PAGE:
Apple just announced a new program called the App Store Small Business Program, which will implement App Store fees for small business owners and independent developers. A number of companies seem quite unhappy with Apple’s move and have openly criticized it.
Spotify criticized Apple’s new program in a statement saying that its App Store policies are ‘'arbitrary and capricious’'. ‘'While we find their fees to be excessive and discriminatory, Apple's tying of its own payment system to the App Store and the communications restrictions it uses to punish developers who choose not to use it, put apps like Spotify at a significant disadvantage to their own competing service.’', Spotify’s statement read.
Spotify further added that it hopes that regulators would ‘'ignore Apple's "window dressing" and act with urgency to protect consumer choice, ensure fair competition, and create a level playing field for all.’'
This isn’t the first time that Spotify is criticizing the tech giant. Apple and Spotify have had a long-term rivalry, where Spotify has accused the company of anti-competitive behavior. Spotify even filed a formal complaint against Apple, accusing the company of using the App Store to deliberately disadvantage other app developers. The matter eventually ended up in an EU Commission antitrust investigation.
On the other hand, Epic Games CEO Tim Sweeney also released a statement following Apple’s announcement of the program, where he said that Apple is again ‘'breaking the promise of treating all developers equally.’'
‘'By giving special 15 percent terms to select robber barons like Amazon, and now also to small indies, Apple is hoping to remove enough critics that they can get away with their blockade on competition and 30 percent tax on most in-app purchases. But consumers will still pay inflated prices marked up by the Apple tax.’', Sweeney added.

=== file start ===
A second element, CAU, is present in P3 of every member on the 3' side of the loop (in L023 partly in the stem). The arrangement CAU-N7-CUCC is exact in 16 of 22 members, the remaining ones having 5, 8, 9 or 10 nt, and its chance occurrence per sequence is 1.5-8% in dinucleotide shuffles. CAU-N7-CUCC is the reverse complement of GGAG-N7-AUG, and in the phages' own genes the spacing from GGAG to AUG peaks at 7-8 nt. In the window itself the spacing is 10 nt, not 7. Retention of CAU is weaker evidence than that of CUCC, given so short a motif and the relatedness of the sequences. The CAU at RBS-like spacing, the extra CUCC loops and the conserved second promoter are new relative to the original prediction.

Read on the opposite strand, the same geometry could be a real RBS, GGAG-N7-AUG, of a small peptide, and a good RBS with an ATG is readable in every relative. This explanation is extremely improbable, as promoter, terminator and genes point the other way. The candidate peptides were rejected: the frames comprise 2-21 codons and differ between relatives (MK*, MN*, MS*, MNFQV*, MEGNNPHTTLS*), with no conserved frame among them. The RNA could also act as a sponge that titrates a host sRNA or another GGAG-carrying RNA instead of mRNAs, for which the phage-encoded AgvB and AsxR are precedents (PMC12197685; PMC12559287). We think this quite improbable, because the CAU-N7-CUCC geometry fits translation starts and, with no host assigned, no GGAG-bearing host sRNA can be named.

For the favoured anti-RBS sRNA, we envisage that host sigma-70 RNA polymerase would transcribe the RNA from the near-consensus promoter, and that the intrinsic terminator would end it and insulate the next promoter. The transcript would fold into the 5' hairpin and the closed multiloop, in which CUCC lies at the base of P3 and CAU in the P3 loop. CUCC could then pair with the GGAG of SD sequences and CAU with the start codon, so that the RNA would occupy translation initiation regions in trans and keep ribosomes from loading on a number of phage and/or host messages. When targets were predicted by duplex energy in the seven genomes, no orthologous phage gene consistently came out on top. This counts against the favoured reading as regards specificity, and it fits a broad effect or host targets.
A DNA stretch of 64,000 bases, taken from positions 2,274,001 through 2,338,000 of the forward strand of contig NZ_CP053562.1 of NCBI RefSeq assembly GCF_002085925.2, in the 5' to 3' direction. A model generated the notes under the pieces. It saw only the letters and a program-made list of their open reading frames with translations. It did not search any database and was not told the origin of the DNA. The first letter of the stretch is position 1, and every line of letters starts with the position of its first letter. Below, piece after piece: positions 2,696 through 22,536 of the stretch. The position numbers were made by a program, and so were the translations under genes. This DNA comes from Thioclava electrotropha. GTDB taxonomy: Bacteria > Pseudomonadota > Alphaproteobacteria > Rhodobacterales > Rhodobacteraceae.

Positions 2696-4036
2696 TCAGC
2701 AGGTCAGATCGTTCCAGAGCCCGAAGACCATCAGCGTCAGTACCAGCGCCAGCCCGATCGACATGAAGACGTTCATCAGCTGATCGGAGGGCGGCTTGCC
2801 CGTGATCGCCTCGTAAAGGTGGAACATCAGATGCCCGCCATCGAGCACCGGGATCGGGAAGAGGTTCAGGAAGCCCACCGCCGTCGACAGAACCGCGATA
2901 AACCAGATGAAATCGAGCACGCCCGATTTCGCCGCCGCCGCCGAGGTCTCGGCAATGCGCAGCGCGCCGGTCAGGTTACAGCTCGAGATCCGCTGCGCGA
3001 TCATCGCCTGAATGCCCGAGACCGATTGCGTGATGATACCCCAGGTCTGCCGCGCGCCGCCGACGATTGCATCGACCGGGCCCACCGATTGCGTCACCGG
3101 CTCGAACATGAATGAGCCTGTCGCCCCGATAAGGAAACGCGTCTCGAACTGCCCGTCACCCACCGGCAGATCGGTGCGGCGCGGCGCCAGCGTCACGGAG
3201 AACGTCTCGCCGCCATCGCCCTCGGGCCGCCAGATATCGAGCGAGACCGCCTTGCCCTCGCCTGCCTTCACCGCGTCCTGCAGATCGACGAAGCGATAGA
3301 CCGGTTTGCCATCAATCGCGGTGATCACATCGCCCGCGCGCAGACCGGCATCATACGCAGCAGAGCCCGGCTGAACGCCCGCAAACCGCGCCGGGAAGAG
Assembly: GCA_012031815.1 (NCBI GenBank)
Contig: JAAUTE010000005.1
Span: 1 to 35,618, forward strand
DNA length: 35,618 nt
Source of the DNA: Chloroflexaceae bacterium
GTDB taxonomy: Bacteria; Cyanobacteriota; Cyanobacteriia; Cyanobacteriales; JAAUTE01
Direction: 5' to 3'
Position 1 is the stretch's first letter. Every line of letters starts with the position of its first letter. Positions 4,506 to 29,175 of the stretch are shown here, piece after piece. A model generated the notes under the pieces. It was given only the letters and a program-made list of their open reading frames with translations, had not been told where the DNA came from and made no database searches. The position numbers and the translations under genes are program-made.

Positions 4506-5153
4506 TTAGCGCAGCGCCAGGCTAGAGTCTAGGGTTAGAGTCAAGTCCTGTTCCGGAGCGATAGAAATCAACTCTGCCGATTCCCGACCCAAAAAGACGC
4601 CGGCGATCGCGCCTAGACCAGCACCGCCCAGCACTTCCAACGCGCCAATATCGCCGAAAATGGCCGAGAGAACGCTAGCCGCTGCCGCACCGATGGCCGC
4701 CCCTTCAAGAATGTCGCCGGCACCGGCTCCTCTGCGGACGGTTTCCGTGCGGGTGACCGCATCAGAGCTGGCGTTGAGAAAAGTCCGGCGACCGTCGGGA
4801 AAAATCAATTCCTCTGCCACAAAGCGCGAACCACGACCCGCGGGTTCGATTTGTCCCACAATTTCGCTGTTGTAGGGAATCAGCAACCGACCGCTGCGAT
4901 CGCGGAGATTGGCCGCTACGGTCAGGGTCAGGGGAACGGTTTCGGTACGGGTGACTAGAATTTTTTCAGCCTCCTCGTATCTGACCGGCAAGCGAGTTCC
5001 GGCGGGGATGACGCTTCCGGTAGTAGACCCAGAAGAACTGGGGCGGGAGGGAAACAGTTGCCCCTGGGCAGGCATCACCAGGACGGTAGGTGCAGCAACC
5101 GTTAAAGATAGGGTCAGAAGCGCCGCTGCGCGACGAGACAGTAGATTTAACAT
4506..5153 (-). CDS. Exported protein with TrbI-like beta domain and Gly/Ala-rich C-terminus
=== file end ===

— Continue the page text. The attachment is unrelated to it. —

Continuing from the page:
Like Spotify, Epic Games has also previously had issues with Apple over its App Store rules after Epic Games introduced a direct payment option in its app. Apple accused Epic of defying its policies, which resulted in Epic taking a bold step against the company by filing a lawsuit.
Basecamp CTO David Heinemeier Hansson also voiced his criticism at Apple’s recent move in his tweets. Hansson also holds ownership of the email app ‘'Hey’', which Apple threatened to remove from its App Store for breaching its policies.
Machiavelli would be so proud of Apple. Trying to split the App Store opposition with conditional charity concessions, they – a $2T conglomerate – get to paint any developer making more than $1m as greedy, always wanting more. As clever as its sick. https://t.co/SLTh3qMOnP— DHH (@dhh) November 18, 2020
The three companies Epic, Basecamp, and Spotify teamed up and formed the "Coalition for App Fairness" to highlight developer issues with Apple in September. The organization voiced several demands, such as "no developer should be required to use an app store exclusively," "every developer should always have access to app stores," and "no developer should be required to pay unfair, unreasonable or discriminatory fees or revenue shares."
The tech giant on the other hand only has good things to say about its App Store Small Business Program, as it expects the program to generate more digital commerce, support more jobs, and provide more funds for small businesses to invest back into their apps as they develop software for Apple's users.